Wine Food Farmgate Trail

Find Mornington Peninsula wineries, farm produce, restaurants and more

One of life's greatest pleasures is the Mornington Peninsula - a place where you can eat, drink, forage, shop, learn, and tour. Wine Food Farmgate reveals the Mornington Peninsula’s most delicious secrets. How do you get a sensational seasonal snapshot of the Mornington Peninsula? Just follow the Mornington Peninsula Wine Food Farmgate trail, where you can eat, forage, sip, shop, learn and tour the very best of this region.

Just drive through our region, and the Peninsula's love affair with wine, fresh produce, seafood and bountiful food on the table is quickly revealed. Taste it, sip it, pick it, catch it, take it home with you. Summer brings berries and cherries, while autumn is time for apples and pears.  In winter, forage through the hinterland for seasonal produce, warm up with a meal beside a roaring fire or enjoy your favourite tipple overlooking glorious countryside. Stride out on a beach walk then reward yourself with hot soup or a woodfired pizza and a glass of red wine in a seaside village. Return in the Spring for crisp, fresh vegies and cherry blossom. 

 

You will find many wine, food and farmgate experiences hidden away throughout the Mornington Peninsula. You just need to know where to look. To help you discover them, we've brought the finest together to create the Mornington Peninsula Wine Food Farmgate Trail.

discover wine food farmgate

 
 
Gin Master Class

Gin Master Class

by Mornington Peninsula Tourism - 28/04/2014

Wayne Klintworth and Bob Laing, founders of Bass and Flinders Distillery, warmly greeted our intimate group of eight at the Darling Park Winery cellar door.  A short walk down the hill found us at the distillery.  Bob began our masterclass by providing us with a passionate introduction to distilling; showing the “French designed” Alembic style still and arousing our senses by passing around the scent of a very pure form of the gin.
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Oh... Fudge!

Oh... Fudge!

by Mornington Peninsula Tourism - 18/03/2014

Fudge has (allegedly) only been around for just over 120 years.  It’s one of those glorious mistakes that actually worked out okay.  A batch of caramels ‘gone wrong’ made in the US for Valentines Day in 1886 became what we know today as fudge.   This also explains why when someone makes a mistake, they are said to have ‘fudged’ it…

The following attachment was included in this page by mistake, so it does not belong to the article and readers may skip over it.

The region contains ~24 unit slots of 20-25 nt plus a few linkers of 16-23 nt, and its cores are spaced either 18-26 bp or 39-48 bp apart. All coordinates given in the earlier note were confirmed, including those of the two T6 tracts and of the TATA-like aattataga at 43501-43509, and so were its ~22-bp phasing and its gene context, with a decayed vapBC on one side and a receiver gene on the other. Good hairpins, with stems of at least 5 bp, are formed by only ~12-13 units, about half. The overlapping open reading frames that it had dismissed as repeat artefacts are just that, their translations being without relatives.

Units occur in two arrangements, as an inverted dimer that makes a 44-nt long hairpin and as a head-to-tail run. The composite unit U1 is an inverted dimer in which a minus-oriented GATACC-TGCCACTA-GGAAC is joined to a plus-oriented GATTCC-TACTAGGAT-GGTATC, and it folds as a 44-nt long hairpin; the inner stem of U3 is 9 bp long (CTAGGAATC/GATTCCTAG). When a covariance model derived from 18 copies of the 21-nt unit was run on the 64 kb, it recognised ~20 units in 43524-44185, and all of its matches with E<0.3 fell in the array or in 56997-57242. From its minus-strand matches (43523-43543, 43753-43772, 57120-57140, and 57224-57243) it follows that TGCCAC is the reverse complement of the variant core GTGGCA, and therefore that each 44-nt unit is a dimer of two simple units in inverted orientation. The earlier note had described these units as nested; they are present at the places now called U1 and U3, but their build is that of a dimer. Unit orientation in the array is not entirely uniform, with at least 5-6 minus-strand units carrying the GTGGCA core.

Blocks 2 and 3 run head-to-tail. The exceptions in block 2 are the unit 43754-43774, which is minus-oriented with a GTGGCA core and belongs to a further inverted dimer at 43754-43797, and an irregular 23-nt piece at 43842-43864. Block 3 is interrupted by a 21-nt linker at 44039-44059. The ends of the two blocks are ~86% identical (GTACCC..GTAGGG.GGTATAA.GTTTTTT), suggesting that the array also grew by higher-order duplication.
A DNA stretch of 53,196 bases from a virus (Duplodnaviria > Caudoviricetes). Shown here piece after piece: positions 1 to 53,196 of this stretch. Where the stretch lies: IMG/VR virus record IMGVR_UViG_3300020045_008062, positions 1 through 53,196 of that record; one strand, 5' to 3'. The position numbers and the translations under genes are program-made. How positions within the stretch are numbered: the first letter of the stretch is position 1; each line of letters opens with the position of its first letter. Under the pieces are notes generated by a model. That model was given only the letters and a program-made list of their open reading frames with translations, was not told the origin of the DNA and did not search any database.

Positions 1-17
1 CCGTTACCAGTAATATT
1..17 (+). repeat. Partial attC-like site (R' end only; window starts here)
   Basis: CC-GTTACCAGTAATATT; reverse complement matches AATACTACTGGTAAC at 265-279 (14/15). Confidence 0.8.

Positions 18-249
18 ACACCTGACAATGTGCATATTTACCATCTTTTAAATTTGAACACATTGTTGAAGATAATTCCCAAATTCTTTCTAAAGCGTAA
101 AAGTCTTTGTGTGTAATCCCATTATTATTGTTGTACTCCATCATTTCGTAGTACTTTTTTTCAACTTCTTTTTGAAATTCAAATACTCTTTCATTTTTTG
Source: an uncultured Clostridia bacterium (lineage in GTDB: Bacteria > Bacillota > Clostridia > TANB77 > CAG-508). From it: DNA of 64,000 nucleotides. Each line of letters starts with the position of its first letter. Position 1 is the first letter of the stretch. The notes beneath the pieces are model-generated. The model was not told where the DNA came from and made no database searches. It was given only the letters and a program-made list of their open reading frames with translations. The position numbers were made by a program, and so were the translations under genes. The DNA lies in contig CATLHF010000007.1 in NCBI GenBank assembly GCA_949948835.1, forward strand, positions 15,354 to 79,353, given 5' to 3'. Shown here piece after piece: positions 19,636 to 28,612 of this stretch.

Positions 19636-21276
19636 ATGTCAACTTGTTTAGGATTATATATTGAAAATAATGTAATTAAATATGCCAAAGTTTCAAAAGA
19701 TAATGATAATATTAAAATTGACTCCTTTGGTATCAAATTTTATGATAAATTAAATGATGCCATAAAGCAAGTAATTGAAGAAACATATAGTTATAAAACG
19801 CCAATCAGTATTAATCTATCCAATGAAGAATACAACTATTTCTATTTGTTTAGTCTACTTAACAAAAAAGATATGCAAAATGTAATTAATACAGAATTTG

There is however, no mistaking the expertise of Sue and Tony Wood in the art of making fudge.

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To Market, To Market

To Market, To Market

by Mornington Peninsula Tourism - 17/02/2014

The Red Hill Market started way back in 1975, well before todays passion for meeting the maker to purchase local products. Started by four couples, the concept has grown to see markets run by the team across the state; with two on the Mornington Peninsula.  
Some of the original stall holders are still there, but there is an ever changing menu of home grown and handmade items; seasonal fruit and vegetables, preserves, juices, cider, ale and wine, cakes and biscuits, jewellery, clothes, art, childrens toys, plants and more.

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HAMPER HEAVEN

HAMPER HEAVEN

by Mornington Peninsula Tourism - 18/12/2013

Kym and Ted Smirnoff reckon they have the best job in the world - they get to sample all the delicious Mornington Peninsula goodies before they decide to stock them.  Their business, Peninsula Gourmet Emporium is an Aladdin's cave of delights.  Locally made chutneys, jams and relishes perch alongside biscuits, lollipops and (of course) lots of  lots of  local wine.  Along with all the accoutrements needed to indulge; pate knives, cheese boards and more.

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Cherry Heaven

by Mornington Peninsula Tourism - 27/11/2013

Trevor Holmes is extremely proud of the fact that his pick-your-own cherry orchard is the oldest in Victoria, and possibly Australia.

Originally an apple orchard, Trevor's father turned to growing cherries when the cartage bill to send his apples to the Melbourne Market exceeded the return on the sale of the apples.  He decided there and then never to send fruit to market again.  The following cherry season he put a sign out on the corner of a nearby road and sold the entire crop without leaving his farm. And the customers loved picking the fruit themselves.  Mind you, they were only .05cents

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